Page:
Jordan Peele has only made three films, over a five-year period, but in that time he has emerged as a master of a new kind of genre: high-concept black horror-thrillers with a social edge and bitingly satirical takes on race, class and gender.

Peele began his career as a comedian in the sketch series Key & Peele alongside Keegan-Michael Key, spoofing horror classics like The Exorcist (1973). But it was his directorial debut in 2017 – Get Out – that catapulted him to fame.

Get Out follows Chris (Daniel Kaluuya), a young black man who uncovers a horrific secret when visiting the rich parents of his white girlfriend. A creepy mash-up of The Stepford Wives (1975) and Guess Who’s Coming to Dinner (1967), Get Out shed disturbing light on America’s slave past and barely concealed prejudices.

If America was supposed to be living in a blissful state of post-racial harmony, Peele was not buying the lie. Get Out used jump scares and odd camera angles to unsettle us: in one scene, the housekeeper, playing a white woman trapping a black woman in her own body, smiles so hard she cries.

An Oscar followed, plus commercial success, and a reputation was forged for smart, socially inflected horror that peeled back the façade of white America to show its terrible secrets beneath.

Peele won an Academy Award for Best Original Screenplay, along with nominations for Best Picture and Best Director. The film grossed more than $250 million at the box-office. A new horror auteur had arrived.

Smart horror and Us

Peele continued to explore a double-edged American society with Us (2019). This time around, a young black woman encounters her own violent doppelgänger. The twisting narrative unpacks complex social issues such as poverty, the disenfranchised, and the locked-away traumas of American’s past.

“Who are you people?”, asks one frightened character. The matter-of-fact answer: “We’re Americans”: the murderous villains are our own mirror images, living in the shadows.

By now, Peele had become a by-word for smart black horror that explored America’s insidious racism and inequality. He subsequently co-produced the Candyman remake in 2021 (another horror film with a harsh social edge), and worked on horror drama Lovecraft Country, plus a reboot of The Twilight Zone.

A huge nope to Nope

Unfortunately Peele’s latest film, Nope (2022) is a terrible disappointment in comparison to his previous work: a film brimming with ideas (lots of them silly), innumerable homages to better ones – Jurassic Park (1993), King Kong (1933), Jaws (1975) – and lacking the tautness of Get Out, or the inventiveness of Us.

It’s an intriguing story about two siblings, OJ and Emerald – Kaluuya and Keke Palmer – who run a horse wrangling business for film productions in California. When they see what appears to be an UFO, the owner of a nearby theme park spots an opportunity to profit.

I don’t wish to reveal too much, but it is difficult to sum up Nope’s plot – there is enough in the opening 40 minutes alone to fill five films.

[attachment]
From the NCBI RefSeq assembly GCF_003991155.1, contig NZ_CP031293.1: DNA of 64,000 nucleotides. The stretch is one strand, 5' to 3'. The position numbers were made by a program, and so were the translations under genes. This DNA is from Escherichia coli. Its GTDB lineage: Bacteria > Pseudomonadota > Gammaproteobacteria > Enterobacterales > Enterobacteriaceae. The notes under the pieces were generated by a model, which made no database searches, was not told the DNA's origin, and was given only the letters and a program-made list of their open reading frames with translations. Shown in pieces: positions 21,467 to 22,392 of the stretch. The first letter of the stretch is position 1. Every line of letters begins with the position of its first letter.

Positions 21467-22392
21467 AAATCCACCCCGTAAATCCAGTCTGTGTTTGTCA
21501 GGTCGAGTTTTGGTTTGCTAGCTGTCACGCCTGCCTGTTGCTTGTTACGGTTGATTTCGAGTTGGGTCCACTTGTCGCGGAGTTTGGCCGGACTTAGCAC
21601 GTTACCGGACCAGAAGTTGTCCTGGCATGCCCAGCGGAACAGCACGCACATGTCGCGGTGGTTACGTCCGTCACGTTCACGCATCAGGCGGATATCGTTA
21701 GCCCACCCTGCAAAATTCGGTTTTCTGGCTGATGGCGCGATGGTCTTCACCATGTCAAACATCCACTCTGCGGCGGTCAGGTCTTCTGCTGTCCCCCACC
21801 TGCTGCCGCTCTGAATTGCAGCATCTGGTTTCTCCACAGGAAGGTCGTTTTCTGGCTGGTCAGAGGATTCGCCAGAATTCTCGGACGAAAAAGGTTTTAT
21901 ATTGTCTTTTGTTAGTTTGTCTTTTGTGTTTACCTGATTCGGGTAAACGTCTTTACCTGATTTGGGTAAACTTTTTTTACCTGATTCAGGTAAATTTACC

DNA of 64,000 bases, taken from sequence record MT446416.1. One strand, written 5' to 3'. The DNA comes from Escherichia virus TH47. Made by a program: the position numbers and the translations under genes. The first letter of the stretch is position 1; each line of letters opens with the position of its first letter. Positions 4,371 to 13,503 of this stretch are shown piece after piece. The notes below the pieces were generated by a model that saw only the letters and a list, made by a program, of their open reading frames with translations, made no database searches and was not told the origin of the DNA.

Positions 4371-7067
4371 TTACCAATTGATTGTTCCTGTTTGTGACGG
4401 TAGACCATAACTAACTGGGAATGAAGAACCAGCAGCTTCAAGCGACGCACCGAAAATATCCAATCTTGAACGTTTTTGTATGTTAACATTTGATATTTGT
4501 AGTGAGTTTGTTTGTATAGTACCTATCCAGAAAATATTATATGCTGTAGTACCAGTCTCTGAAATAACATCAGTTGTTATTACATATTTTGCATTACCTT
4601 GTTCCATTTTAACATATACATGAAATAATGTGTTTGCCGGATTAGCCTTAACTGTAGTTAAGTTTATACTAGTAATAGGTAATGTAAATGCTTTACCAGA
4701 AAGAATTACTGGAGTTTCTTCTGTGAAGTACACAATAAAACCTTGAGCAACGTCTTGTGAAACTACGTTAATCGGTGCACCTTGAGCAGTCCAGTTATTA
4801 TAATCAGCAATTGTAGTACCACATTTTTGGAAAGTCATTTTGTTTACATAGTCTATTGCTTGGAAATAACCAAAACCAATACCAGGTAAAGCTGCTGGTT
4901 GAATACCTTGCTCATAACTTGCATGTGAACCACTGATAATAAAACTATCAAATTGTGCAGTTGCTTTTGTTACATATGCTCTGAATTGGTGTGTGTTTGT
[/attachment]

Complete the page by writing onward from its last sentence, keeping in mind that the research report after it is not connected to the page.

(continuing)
What is Peele trying to say here? Why does the central “monster” want to watch, but never be watched? Is Peele critiquing our 21st-century surveillance culture? Have we become a society intent on monetising the past, selling death and destruction to the masses (the celebrity gossip site TMZ does not fare well)? How foolish are we in trying to tame nature?

OJ and Emerald also claim to be descendants of the unnamed black jockey featured in Eadweard Muybridge’s famous The Horse in Motion animation. Once again, forgotten history, the emergence of cinema, and America’s black past are immediately brought to mind.

Perhaps Nope (that title is an acronym for Not Of Planet Earth) is just an old-fashioned monster movie. Two names that spring to mind are Steven Spielberg and M Night Shyamalan.

Any film that deals with UFO sightings and alien encounters will always hark back to Spielberg’s Close Encounters of the Third Kind (1977), and there are clear visual references throughout Nope to big skies and high spectacle. And Nope’s slow-burning twists and switches remind us of Signs (2002) and The Sixth Sense (1999).

There are certainly moments of dread in Nope – a flashback scene with a chimpanzee is particularly chilling – but the overall effect feels baggy and repetitive. Perhaps the slowly increasing running time of Peele’s films is an indicator of their decreasing quality – Get Out was 104 minutes, Us 121, and now Nope clocks in at 135.

Is that the sign of a writer-director brimming with ambitious ideas, or an artist whose earlier successes have made them immune to the importance of tight editing and focused storytelling?

Despite this misfire, Peele’s name brings audiences to see his films. Nope made $44 million on its opening weekend last month, the best wholly original film opening in America since April 2019 (and that film was Us).

That is compelling evidence of Peele’s transformative effect on Hollywood’s fragile ecosystem. At a time when cinema is relying on comic-book adaptations, remakes and sequels, Peele is offering a robust form of counterprogramming: visually impressive, inventive tales about contemporary America. His horror auteur status is secure.

But as for Nope? Well… nope.

Ben McCann is Associate Professor of French Studies at the University of Adelaide and has published widely on many areas of French, European and Hollywood cinema. This article is republished from The Conversation under a Creative Commons licence. Read the original article.

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